Table Tennis Footwork Drills

Table tennis footwork drills

Exceptional footwork is an essential table tennis skill. It is impossible to be a great table tennis player without excellent command of this ability. For this reason, mastering and knowing when to switch footwork techniques can help you to significantly improve your game. Because table tennis is a fast sport, accurately predicting shots and ball placement is difficult in a competitive match. Proper footwork gets you in the best position to hit the ball, increasing the quality of your shot.

Besides, correct footwork technique helps you align your leg movement along with your strokes. Table tennis demands variations in footwork in response to serves and returns. So, as a player, you need to understand the different types of footwork techniques and drills if you want to improve your game. Keep it in mind that there are no hard and fast rules on the ideal footwork for making a shot. Below we will discuss the basic table tennis footwork patterns and some tips on how to make the most out of them.

Drill # 1: Shuffle Drill

Every player must learn the “shuffle step” by moving both feet simultaneously. Shuffling is the ability to move fast from side to side. During the shuffle drill, be sure to incorporate stroke motions as well as forward and backward movements to simulate actual match play.

Remember that table tennis is all about rhythm! Learning how to get into the groove and fluidity of motion is what makes this sport so appealing. As such, a key point to remember is that it takes time to develop this rhythm and thus excellent footwork technique. This is why regular and frequent training sessions are essential. Though videos can help you learn how to get into position, only consistent practice can really help you improve.

Drill # 2: In and Out Step

Perfecting this drill gives you the ability to move forward and backward quickly after making a shot. To practice this movement, make a small step with your non-dominant foot to get closer to the table and then move your dominant foot to a position under the table. In this position, make your shot and quickly return to place by moving your dominant foot first in a backward motion followed by the non-dominant foot. The move works as follows: left, right, right and left(if right-handed).

Players often ignore short game practice but this is a mistake as it is an essential part of table tennis. Not being able to hit a short ball and quickly back off to prepare for a possible attack can lose you the point right there. Training this footwork pattern will vastly improve your short game which in turn will help you win more games.

Drill # 3: Crossover Footwork

Practicing this drill is useful for shots that are too fast and too wide for you to get in position with the shuffle step. For this pattern, a shot’s direction(backhand or forehand side of the table) determines which foot passes over the other. Executing this step requires a player to move the left foot over the right(if right-handed). Use your left foot as a pivot for your body’s weight and then place your right foot wide. By the time both feet are on the floor, the ball should have been hit.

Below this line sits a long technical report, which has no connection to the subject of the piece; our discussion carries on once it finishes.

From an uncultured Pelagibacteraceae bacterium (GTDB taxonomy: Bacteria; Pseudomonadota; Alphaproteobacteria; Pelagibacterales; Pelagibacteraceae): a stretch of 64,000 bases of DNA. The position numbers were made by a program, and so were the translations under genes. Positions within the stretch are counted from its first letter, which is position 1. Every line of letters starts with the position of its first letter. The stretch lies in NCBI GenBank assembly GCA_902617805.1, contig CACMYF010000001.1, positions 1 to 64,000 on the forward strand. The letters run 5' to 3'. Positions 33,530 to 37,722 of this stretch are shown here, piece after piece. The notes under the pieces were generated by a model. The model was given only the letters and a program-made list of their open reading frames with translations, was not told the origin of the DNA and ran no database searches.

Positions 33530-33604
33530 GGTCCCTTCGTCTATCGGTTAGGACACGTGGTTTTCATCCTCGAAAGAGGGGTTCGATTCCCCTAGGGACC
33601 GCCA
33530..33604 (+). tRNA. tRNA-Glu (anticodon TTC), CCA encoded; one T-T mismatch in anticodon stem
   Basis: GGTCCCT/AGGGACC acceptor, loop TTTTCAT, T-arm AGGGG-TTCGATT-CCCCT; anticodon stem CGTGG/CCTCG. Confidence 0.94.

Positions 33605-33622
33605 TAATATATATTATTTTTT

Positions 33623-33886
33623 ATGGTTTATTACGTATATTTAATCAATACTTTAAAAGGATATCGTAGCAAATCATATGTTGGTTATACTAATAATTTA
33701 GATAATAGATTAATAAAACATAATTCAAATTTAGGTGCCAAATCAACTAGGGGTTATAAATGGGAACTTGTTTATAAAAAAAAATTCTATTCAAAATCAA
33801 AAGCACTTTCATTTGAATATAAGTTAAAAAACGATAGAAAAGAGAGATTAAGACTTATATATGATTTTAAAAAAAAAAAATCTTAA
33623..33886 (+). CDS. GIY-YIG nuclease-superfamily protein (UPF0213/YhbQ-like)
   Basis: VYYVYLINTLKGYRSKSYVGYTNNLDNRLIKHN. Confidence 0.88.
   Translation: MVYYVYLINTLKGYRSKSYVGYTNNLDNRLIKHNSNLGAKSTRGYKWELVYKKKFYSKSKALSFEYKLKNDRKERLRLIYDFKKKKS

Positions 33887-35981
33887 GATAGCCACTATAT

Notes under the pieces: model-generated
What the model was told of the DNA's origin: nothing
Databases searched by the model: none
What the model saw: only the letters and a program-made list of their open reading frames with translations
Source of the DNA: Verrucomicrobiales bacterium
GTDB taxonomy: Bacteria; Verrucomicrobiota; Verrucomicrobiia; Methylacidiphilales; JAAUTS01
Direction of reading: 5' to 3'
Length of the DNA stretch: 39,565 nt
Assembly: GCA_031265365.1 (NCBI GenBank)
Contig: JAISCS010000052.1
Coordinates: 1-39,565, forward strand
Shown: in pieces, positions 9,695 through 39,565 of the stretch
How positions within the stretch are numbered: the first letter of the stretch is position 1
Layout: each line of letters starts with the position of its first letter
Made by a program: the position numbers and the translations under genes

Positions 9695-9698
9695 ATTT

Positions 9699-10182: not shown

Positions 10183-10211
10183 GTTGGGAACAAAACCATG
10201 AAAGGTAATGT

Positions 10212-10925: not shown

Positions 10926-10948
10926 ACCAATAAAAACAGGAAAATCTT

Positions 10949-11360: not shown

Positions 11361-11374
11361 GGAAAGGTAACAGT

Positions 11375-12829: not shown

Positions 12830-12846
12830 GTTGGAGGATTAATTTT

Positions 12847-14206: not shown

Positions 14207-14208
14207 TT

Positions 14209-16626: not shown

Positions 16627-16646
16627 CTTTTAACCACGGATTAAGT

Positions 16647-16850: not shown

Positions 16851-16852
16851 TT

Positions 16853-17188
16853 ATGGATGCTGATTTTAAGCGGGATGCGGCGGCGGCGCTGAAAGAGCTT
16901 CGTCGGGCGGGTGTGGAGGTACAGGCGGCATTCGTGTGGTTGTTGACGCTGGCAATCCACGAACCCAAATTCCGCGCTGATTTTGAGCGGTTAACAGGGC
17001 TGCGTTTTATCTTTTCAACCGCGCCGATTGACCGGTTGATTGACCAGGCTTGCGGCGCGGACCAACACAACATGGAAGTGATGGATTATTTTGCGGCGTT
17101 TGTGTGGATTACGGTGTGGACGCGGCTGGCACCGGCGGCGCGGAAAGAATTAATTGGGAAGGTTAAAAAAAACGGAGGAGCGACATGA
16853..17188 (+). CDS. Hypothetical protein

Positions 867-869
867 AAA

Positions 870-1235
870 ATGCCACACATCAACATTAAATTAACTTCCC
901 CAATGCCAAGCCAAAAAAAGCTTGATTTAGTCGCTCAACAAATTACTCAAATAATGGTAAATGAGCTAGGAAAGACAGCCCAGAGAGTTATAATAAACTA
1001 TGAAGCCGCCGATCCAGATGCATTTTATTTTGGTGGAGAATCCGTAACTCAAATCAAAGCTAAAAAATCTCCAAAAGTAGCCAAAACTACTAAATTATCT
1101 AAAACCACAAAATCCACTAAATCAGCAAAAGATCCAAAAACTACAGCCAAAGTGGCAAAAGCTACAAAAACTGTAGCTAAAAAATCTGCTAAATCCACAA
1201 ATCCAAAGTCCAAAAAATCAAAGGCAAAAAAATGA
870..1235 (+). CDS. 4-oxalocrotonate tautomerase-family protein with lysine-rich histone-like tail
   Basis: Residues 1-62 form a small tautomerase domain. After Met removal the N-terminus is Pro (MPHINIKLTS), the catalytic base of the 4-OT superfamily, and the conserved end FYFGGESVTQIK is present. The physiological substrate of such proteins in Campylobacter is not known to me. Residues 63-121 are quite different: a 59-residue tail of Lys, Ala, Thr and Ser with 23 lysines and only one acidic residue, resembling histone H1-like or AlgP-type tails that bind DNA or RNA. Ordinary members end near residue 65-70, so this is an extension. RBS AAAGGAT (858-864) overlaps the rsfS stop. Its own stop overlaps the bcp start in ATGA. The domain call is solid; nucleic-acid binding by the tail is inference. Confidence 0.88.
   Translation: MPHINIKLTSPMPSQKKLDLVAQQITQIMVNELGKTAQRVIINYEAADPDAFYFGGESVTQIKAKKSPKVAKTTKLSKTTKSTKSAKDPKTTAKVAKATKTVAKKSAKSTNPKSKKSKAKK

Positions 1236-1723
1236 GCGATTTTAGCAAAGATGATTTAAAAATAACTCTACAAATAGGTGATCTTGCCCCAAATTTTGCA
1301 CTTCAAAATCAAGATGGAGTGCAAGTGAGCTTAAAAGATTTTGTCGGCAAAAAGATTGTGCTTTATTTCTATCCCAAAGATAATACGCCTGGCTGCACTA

Drill # 4: Serving Footwork

In table tennis, this is the most critical move to practice. While in serving motion, most players make a small step forward and return to the ready position, ready for shuffle stepping. By mastering this move, you can reply to shots after the service with much better accuracy.

The movement looks much like a little jump. You serve and immediately after, you jump into position ready to respond by pivoting around your left leg. I cannot tell you how many times I’ve seen players stay in place after serving. This is one of the easiest ways to lose a point as you don’t have enough time to reach a shot to your far right side.

Importance of Practice

Lots of practice hours are required in improving your footwork. This is why it is essential you practice regularly and correctly. Remember that the goal of drilling is to accustom the body to the conditions of the game. In turn, this translates into fluid motions during match play.

During training, maintain a low center of balance by crouching and leaning forward. This posture shifts your body’s weight to your feet’s balls rather than the heels. Besides that, try to always practice honestly and adequately to build a repertoire of useful movement skills. Each move is helpful in a specific match scenario so practice with this in mind. In case of difficulties in mastering these drills, train in front of a mirror to efficiently learn these moves and see if you can spot any glaring mistakes. The key to mastering footwork is patient training to develop muscle memory that instinctively replicates these moves in live matches.

Physical Conditioning

Your physical fitness level affects the quality of your training. The better shape you are in the more you can train before you get tired. First, you need to improve your body’s aerobic conditioning. Activities such as swimming, biking, skiing, jump rope, and jogging are great aerobic exercises. Besides, these exercises also stimulate the muscles used in table tennis. All physical exercises are beneficial to the body, though for table tennis you should focus on activities that work the leg and abs muscles.


If you want to improve your table tennis footwork skills, you need to create and adhere to a training regimen based on the above drills. It will help you to enhance your agility, power, and stamina. Becoming a table tennis champion is no leisurely pursuit. For this reason, incorporate these drills into your training mix, and soon you will be playing the most fantastic table tennis of your life!


One comment

  1. I have read the article and the same practice is giving by me to my TT players since from long time. Really I am very impressed.

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